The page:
The hive swarmed (split) on May 29. On July 9, we saw larvae in there and I took a frame of honey out. And now they’re all gone. Sad news.
Filed under: bees, farm | Tags: bees, feeding, healthy beehive, nosema, overwintering, unhealthy beehive
The bees were out yesterday, and man did they have to go! I checked the hives this morning and here’s how they looked.
It’s supposed to be yellow poop. And when it’s brown it indicates that they have nosema–a fungal infection. Yuck. I looked around online for pictures, but couldn’t find a lot of images that would help me confirm. So, bee friends, what do you think? Yellow or brown? Should I be worried or not?
I put some granulated sugar on a paper in Stelle. The bees were walking around the top so I think they’ll find it ok. When I opened Louis, I was surprised that I really couldn’t see any bees!! There were one or two walking around up top, but I couldn’t see the ball o bees. Oh no, I thought, I’ve lost a hive. But listening in, I could hear them. They’re still somewhere down in the second stack. So Louis is doing extremely well. I hope!
Sure am getting excited to see how they fare into the spring. We’re going to take Beekeeping 102 (the second season) in March. Looking forward to that, as I’m not really sure what we do if we get them through the winter.
Filed under: bees | Tags: bees, cleansing flight, december, sunny, swarming, winter
Happy New Years. I have a lot to catch up on with the blog. Alas, it’s been a busy time, and then I got a new computer. So, I’m a bit behind.
We went through a big cold snap. It was nice to have a white christmas, and to see that the chicken heater lamps work, but it’s also nice for a warm up. The chickens ran around outside, the goats had fun, and we all watched the ice rink melt.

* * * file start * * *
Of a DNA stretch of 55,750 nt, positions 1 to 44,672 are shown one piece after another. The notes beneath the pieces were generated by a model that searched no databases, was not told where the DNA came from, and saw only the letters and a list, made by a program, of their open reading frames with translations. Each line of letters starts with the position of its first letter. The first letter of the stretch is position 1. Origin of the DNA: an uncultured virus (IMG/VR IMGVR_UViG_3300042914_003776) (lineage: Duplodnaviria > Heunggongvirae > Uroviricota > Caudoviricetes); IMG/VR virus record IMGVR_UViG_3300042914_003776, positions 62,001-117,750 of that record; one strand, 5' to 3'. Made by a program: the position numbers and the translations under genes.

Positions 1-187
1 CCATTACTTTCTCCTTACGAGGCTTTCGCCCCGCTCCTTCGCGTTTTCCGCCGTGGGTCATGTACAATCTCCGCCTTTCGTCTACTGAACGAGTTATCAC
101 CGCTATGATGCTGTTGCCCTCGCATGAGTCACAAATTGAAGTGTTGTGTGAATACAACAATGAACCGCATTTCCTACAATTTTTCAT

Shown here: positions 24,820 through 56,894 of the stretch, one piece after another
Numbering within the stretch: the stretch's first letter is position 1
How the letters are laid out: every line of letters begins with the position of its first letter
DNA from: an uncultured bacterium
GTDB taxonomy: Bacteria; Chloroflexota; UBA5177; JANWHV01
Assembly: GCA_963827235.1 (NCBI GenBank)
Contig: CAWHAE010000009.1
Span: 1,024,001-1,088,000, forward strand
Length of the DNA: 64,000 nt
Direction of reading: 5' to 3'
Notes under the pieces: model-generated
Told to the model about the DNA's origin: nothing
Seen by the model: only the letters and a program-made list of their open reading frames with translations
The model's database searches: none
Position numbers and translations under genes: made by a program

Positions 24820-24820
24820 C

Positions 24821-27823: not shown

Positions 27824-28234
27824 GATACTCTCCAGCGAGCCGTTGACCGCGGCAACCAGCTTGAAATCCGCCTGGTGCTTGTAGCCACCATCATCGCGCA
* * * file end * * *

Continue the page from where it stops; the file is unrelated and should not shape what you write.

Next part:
The best part though, was this…
The bees came out!! Whew. It was a amazing to see them. They seemed a bit confused, they were all swarming all over the place. But they are alive, and there are lots of them. I checked the honey stores earlier before it really warmed up, and they seem to both have lots there. So that’s good.
Filed under: bees, food issues | Tags: bees, customs, food, honey, import, laundering, production
Great piece of investigative reporting in Seattle Pi. This came through a bee list I’m on. It’s from 2008, but there is so much interesting stuff in here about how food products are shipped packed reshipped, tracked, etc–definitely worth another look! The article has some nice graphics about which countries are big exporters. And he talks about why we should care–the prohibited antibiotics being used, watering honey down, cutting it with corn syrup, etc. Basically it boils down to the Chinese trying to avoid high tariffs and anti-dumping regulations.
I need to look around and see if there have been any new developments on this.